Winter Meetings interview with Joe Torre

Winter Meetings interview with Joe Torre

Where do you stand on the second base --

JOE TORRE: We have a meeting tomorrow. Obviously it will be part of the conversation but that would still be something that we have to draft in conjunction with the Players Association. So we will discuss it but I really can't tell you, not that I won't tell you; I can't tell you where we're going to land.

Q. How do you feel about that? I know you talked about it when it happened but do you feel like each time something happens, something has to change?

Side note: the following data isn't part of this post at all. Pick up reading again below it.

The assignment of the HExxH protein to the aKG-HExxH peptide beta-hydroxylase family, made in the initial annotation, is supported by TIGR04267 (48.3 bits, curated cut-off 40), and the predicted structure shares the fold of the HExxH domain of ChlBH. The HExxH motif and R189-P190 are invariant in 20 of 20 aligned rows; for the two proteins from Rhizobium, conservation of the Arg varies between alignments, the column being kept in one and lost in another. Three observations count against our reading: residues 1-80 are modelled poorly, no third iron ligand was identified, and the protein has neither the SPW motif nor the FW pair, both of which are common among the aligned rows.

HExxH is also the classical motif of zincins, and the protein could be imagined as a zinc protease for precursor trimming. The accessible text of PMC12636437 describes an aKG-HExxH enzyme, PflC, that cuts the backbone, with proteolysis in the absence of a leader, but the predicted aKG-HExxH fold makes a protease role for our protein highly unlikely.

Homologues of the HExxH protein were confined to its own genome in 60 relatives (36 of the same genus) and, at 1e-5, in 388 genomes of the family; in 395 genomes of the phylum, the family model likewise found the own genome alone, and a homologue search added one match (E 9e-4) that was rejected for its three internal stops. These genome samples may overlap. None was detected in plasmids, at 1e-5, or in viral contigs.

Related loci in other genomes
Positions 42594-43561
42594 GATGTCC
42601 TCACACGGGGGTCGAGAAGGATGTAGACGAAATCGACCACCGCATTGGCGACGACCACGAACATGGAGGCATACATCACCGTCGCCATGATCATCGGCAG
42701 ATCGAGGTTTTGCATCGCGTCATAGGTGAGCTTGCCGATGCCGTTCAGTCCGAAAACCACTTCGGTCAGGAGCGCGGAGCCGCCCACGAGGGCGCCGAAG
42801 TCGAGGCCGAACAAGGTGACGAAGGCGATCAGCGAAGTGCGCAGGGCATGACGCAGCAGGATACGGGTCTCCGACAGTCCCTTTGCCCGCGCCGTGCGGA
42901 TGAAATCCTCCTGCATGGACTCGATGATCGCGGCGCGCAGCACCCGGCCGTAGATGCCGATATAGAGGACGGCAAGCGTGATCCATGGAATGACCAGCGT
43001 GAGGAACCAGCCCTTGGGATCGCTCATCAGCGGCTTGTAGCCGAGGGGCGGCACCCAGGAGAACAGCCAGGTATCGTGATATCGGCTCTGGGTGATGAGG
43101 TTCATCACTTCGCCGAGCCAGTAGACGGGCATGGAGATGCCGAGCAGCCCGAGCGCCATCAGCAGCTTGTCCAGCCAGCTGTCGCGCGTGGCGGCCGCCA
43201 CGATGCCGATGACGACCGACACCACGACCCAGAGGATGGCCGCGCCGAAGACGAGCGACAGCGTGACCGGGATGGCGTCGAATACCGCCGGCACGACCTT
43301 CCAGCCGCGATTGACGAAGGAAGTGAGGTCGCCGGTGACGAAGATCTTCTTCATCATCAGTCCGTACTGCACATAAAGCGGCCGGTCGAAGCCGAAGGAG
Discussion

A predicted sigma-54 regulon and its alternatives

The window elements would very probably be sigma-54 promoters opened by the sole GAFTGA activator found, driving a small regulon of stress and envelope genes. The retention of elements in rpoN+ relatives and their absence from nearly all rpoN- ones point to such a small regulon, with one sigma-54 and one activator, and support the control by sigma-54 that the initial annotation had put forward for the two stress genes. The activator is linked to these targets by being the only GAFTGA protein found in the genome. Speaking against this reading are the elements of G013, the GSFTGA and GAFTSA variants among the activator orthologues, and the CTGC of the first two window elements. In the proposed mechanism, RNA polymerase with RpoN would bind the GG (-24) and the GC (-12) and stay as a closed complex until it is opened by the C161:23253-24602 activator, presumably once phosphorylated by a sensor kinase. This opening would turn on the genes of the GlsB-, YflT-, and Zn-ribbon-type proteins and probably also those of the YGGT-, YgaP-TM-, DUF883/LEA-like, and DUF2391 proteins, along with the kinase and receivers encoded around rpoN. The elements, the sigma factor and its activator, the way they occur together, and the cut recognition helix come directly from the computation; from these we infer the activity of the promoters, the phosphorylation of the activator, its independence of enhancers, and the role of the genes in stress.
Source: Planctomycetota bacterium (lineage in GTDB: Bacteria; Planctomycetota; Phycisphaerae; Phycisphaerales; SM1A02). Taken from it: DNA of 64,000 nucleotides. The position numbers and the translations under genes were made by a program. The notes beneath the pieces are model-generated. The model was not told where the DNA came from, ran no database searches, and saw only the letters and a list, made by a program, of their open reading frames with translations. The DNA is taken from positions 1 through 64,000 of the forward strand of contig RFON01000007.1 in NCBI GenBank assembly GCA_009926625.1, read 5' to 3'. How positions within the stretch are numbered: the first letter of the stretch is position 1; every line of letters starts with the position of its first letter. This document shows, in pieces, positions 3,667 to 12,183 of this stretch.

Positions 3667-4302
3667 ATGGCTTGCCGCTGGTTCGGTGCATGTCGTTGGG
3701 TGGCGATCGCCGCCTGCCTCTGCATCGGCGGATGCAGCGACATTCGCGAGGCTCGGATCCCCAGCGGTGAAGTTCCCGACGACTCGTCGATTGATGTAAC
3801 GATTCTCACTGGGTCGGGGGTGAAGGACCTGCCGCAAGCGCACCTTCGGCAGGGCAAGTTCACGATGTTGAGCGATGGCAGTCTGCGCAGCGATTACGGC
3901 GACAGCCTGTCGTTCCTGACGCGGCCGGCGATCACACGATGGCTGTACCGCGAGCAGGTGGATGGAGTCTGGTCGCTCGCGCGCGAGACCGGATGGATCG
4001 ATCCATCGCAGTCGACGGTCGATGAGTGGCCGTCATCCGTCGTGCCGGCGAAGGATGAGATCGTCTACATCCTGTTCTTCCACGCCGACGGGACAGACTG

JOE TORRE: Well, you know, the thing that really gets your attention is the fact that you carry guys off the field. And we certainly don't want that to happen. I didn't think when Buster got hurt a few years back that we were able to do anything. And I had several conversations and I know you may have heard this before, with Bruce Bochy and Sabean and as much as I felt for them, I just didn't think, just from my experience, baseball-wise that anything could be done.

Then you get letters, at least I got a number of letters from parents whose kids got hurt in the Minor Leagues, and you have to pay more attention. You talk to Mike methane I who lost a year and a half of his life and can't account for it. Then you figure out what you're going to do, even though you know you're going to write it down and put it into play, that it's not going to be perfect and there's going to be some hiccups and it's actually never going to be perfect.